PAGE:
Portraits of Elizabeth
A few years ago, artist Elizabeth McDonald’s life changed dramatically when she was hit by a car, resulting in significant body and brain injuries, an event that has deeply etched itself into her life and art.
Elizabeth has always been inspired by the Mexican artist Frida Kahlo, known for her self-portraits and whose own art was intrinsically linked to her physical and emotional trauma. Frida’s paintings were often filled with bright colours and symbolic imagery, reflecting her life experience with themes of pain, struggle and overcoming adversity. Much like Frida, symbols and symbolism are also important to Elizabeth. In her studio she is surrounded by natural objects, mystical symbols, star maps and flowers. These are carefully arranged, tended and meaningful on a variety of levels known only to Elizabeth.
Elizabeth’s artworks are focused on the self, they are fine and detailed, contained yet expressive, colourful yet subdued. Elizabeth’s artistic self-expression, her art-making, is both powerful and empowering, telling the story of Elizabeth’s commitment to the transformative force of art, mysticism, and meditation in healing trauma. It is her emotional release and the foundation of her growing resilience in the face of ongoing pain and loss. It is inspirational, promoting healing in others through its relatability.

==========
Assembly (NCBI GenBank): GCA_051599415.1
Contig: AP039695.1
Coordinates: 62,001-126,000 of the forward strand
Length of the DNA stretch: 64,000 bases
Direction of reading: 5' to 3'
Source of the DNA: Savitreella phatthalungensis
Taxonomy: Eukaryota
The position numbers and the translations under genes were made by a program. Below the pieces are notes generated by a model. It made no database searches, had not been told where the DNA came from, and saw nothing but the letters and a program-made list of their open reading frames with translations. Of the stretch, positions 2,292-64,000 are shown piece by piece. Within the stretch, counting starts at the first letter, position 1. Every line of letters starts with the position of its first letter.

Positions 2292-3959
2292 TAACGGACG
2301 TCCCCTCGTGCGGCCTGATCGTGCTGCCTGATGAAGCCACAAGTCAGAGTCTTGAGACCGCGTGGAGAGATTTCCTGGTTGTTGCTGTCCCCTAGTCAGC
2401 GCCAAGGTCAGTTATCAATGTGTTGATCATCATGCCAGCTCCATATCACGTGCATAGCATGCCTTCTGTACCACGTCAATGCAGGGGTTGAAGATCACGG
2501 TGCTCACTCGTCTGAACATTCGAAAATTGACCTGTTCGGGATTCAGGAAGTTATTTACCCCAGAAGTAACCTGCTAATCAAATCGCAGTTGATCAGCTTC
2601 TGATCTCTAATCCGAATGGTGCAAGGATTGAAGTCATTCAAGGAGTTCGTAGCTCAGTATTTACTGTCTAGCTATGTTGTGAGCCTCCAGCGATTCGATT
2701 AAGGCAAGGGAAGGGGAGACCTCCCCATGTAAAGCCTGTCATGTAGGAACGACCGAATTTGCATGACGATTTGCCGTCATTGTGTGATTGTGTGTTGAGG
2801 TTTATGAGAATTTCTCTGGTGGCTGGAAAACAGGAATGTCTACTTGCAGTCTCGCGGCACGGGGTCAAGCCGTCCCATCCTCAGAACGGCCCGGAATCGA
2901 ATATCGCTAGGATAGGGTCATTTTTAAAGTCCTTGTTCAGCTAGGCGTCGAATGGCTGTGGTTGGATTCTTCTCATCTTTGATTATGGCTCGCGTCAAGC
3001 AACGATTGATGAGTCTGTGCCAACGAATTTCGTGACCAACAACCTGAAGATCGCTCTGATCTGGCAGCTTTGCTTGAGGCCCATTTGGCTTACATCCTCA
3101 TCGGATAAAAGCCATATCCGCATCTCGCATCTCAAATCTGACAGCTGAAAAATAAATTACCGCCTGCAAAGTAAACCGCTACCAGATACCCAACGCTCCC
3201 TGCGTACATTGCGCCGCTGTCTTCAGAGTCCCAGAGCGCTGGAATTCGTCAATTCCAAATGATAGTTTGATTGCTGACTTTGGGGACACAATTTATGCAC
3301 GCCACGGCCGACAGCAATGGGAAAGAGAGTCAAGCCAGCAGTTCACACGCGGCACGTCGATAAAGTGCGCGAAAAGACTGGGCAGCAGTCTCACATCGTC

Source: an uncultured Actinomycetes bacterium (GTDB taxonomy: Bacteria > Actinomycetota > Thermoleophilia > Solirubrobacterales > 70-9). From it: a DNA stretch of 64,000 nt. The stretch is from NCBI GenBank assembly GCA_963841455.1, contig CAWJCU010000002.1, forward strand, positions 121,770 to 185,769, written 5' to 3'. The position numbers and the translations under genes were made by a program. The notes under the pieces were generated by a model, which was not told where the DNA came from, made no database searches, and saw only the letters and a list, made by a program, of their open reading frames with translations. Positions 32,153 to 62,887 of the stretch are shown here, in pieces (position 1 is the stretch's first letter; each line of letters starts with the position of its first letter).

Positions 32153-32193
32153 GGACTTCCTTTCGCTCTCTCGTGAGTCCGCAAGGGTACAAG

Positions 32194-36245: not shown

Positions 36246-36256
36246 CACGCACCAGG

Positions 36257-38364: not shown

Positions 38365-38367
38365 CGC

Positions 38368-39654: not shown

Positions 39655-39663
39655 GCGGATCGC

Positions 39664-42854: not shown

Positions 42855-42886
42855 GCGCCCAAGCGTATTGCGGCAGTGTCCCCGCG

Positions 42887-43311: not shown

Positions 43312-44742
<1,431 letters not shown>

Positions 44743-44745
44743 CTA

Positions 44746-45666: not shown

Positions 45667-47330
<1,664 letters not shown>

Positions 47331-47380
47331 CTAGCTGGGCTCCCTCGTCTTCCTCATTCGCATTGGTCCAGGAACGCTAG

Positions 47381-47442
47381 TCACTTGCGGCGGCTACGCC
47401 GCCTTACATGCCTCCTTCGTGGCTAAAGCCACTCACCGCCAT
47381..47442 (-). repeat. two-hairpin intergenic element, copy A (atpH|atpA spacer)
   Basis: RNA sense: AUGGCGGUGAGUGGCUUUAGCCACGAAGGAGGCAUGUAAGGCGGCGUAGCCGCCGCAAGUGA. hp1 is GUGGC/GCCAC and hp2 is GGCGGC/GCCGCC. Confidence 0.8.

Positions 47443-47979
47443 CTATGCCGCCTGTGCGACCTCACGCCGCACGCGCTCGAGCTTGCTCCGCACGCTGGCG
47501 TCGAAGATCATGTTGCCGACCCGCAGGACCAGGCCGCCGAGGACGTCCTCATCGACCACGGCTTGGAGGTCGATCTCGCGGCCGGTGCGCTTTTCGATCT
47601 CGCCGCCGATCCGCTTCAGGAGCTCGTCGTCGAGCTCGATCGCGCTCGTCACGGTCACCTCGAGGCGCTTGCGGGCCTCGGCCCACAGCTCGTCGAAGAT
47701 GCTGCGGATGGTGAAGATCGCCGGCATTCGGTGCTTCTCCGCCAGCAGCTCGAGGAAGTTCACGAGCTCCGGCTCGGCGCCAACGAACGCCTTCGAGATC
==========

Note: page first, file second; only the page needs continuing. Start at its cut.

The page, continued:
Elizabeth’s accident has changed her life and art in tremendous ways, both good and bad, yin and yang, sun and moon, with darkness and with light. Much like Frida Kahlo, Elizabeth’s life and art are testimony to her personal resilience and dedication to her craft.
In conversation, Elizabeth references a quote by artist Louise Bourgeois: “Art is restoration: the idea is to repair the damages that are inflicted in life, to make something that is fragmented – which is what fear and anxiety do to a person – into something whole.